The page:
Stranger Things has become the hit TV show of the summer, and for good reason. With its Steven-Spielberg-by-way-of-Stephen-King sense and old-school nerd sensibilities, it has appealed to a wide swath of viewers looking for something different yet familiar. Alas, there is only 1 season of Stranger Things so far – season 2 is greenlit! – so if you like the show as much as I do, here are some books to tide you over until next summer.
Broken Monsters by Lauren Beukes
When a horrifying crime scene unfolds in Detroit – the body of an 11-year-old boy is found fused together with a fawn – a detective and her daughter, a journalist, an artist, and a homeless man all deal with the ramifications of it in their own haunted ways. Detective Versado struggles to investigate under the harsh glare of media exposure and journalist Jonno Haim uses the opportunity to make a name for himself. Meanwhile, Versado’s teenage daughter and her friend set up honeypot schemes to trap online pedophiles. Sculptor Clayton Broom is terrorized by nightmarish hallucinations made real, and those visions attack TK, a vagrant tormented by his violent childhood. As the mutilated corpses pile up, the five perspectives intertwine.
Verdict: A psychological thriller with monsters, a tough yet downtrodden cop, and teenagers chasing bad guys.
The Girl with All the Gifts by M. R. Carey
In this post-apocalyptic dystopian story, Melanie is a very special little girl. She attends an exclusive school with other unique children like her, and learns about myths and literature from her teacher, Miss Justineau, a woman Melanie has a blossoming crush on. Melanie is also a “hungry,” a zombie-like creature with a fungal infection that causes its victims to crave human flesh. She, Dr. Caldwell, Miss Justineau, and two military officials flee the safety of their camp in the English countryside to an infection-free refuge in London. Miss Justineau thinks Melanie is more human and capable of intelligent thought and complex emotion, while Dr. Caldwell wants to dissect her for study. Melanie may be the cure for the zombie plague, but first they have to London.
Verdict: Think The Walking Dead and Cormac McCarthy’s On the Road but starring Eleven.
The Hike by Drew Magary
One afternoon Ben decides to take a hike in the woods. A spontaneous turn down the wrong trail draws him away from the picturesque Pennsylvania countryside and everyone he’s ever known or loved. As he is pulled deeper into the nightmarish, two-mooned alternate dimension, he is chased by men with the skinned faces of Rottweilers stitched over their own, threaten with cannibalism by a giant woman, and enslaved by monsters. The past, present, and future fold together until time has no meaning. Along the way he befriends a sarcastic talking Crab and a proud 15th century Spanish sailor. The Producer, the being who set this whole play in motion, has grand plans for Ben…if he survives the journey.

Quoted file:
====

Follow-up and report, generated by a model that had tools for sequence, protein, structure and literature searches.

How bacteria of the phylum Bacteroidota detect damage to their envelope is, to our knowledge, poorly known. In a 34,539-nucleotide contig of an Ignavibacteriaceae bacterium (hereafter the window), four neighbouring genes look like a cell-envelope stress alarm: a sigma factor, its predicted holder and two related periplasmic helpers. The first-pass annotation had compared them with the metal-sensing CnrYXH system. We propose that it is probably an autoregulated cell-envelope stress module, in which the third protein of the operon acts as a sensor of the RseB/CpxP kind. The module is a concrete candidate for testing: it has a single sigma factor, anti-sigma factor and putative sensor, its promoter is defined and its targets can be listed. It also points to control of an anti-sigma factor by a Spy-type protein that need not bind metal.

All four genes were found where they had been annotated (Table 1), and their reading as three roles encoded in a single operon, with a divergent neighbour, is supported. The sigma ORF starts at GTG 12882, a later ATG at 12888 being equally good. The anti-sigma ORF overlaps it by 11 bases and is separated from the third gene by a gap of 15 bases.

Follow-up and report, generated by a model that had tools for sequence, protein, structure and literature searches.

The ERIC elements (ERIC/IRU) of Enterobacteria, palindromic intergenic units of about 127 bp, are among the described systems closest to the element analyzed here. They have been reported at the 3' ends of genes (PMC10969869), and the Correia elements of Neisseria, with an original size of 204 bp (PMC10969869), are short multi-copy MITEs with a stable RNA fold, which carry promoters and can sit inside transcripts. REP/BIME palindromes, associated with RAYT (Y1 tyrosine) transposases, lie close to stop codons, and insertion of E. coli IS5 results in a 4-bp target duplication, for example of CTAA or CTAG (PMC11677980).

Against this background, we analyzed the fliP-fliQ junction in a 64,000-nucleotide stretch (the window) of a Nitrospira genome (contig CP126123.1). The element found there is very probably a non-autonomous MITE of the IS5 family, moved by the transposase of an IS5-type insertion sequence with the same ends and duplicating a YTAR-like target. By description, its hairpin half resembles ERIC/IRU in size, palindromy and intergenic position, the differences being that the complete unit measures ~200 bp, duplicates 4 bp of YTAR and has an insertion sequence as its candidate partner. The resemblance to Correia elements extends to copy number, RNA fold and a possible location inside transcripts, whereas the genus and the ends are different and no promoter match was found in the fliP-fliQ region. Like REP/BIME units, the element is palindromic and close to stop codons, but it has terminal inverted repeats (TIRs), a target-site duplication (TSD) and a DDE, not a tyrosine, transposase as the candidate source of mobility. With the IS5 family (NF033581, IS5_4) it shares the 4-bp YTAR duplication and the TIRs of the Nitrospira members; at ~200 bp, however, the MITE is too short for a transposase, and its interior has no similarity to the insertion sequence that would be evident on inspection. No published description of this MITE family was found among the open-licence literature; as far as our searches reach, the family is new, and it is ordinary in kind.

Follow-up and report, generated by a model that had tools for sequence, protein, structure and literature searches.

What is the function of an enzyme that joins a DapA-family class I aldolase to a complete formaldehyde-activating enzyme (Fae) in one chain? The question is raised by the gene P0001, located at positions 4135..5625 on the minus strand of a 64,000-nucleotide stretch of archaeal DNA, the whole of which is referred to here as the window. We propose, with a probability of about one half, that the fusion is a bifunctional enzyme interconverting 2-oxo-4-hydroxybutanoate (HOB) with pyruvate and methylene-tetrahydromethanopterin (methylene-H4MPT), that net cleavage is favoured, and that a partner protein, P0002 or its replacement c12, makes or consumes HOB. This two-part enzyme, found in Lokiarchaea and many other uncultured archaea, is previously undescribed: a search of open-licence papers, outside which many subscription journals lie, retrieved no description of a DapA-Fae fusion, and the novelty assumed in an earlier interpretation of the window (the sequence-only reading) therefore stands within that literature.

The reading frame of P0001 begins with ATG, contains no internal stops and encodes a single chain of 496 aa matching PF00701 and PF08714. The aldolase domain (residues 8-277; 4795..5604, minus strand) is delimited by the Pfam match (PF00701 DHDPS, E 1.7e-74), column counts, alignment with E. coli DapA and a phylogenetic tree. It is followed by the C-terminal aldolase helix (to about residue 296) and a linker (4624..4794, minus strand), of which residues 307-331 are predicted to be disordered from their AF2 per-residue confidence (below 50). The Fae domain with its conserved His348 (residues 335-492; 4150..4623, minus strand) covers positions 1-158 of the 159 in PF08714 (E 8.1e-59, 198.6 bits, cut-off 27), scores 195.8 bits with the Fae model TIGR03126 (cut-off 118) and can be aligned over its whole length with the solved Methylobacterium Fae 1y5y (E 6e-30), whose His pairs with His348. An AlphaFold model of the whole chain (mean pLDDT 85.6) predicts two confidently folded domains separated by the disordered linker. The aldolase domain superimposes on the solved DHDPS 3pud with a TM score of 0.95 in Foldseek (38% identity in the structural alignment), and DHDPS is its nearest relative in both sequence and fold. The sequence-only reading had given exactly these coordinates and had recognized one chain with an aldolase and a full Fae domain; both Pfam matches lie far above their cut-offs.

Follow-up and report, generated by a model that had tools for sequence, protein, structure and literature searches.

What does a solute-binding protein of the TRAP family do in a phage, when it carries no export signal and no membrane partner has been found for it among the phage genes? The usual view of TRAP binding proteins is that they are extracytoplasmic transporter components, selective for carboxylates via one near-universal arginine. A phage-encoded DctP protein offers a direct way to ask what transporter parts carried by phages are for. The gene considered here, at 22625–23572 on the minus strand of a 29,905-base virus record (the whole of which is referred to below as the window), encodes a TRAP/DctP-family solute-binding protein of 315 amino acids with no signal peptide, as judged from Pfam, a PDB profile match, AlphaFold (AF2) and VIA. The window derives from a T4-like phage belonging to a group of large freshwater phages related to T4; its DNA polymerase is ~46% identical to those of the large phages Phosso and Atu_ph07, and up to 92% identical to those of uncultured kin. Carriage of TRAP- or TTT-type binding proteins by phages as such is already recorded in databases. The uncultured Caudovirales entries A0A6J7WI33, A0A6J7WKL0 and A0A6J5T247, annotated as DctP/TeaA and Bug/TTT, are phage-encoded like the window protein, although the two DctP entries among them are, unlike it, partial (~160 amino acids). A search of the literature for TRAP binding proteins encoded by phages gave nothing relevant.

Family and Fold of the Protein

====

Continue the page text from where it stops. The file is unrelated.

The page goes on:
Verdict: Ben journeys through his own version of the Upside Down.
Locke & Key by Joe Hill and Gabriel Rodriguez
After their father is murdered, the Locke family relocates from San Francisco to Keyhouse in Lovecraft, Massachusetts. Hidden within the centuries-old estate are magic keys that can only be found by children. Bode quickly collects a treasure trove of keys that turn the user into a giant, switch genders, opens the user’s head so ideas can be added or removed, crown the user the ruler of a squirrel army, turn them into a ghost, and more. But it’s the key that releases the malevolent spirit trapped in the well house that causes the most trouble. The spirit wants to conquer the world, one key and one soul at a time, but first it has to get rid of the Locke family piece by bloody piece. Only Bode, his sister Kinsey, and brother Ty can prevent the ultimate evil from killing everyone.
Verdict: Kids encounter a great evil from another dimension and must seal the gate before it unleashes others like it.
Lumberjanes vol. 1: “Beware the Kitten Holy” by Brooke A. Allen, Grace Ellis, Noelle Stevenson, and Shannon Watters
“Friendship to the max!” is the slogan for this comic book. The five teen girls at the heart of the story, Mal, Ripley, Molly, Jo, and April, are the bestest of besties. The girls are all away at Miss Quinzella Thiskwin Penniquiqul Thistle Crumpet’s Camp for Hardcore Lady Types, a summer camp for Lumberjane Scouts (kind of like Girl Scouts). In the woods around their camp lurks malevolent monsters, magical beasts, and secret caves. The girls explore the deepest parts of the forest and must solve puzzles and mysteries using friendship and intellect. It’s feminist, diverse, and all kinds of quirky, and it’s girl power that always saves the day.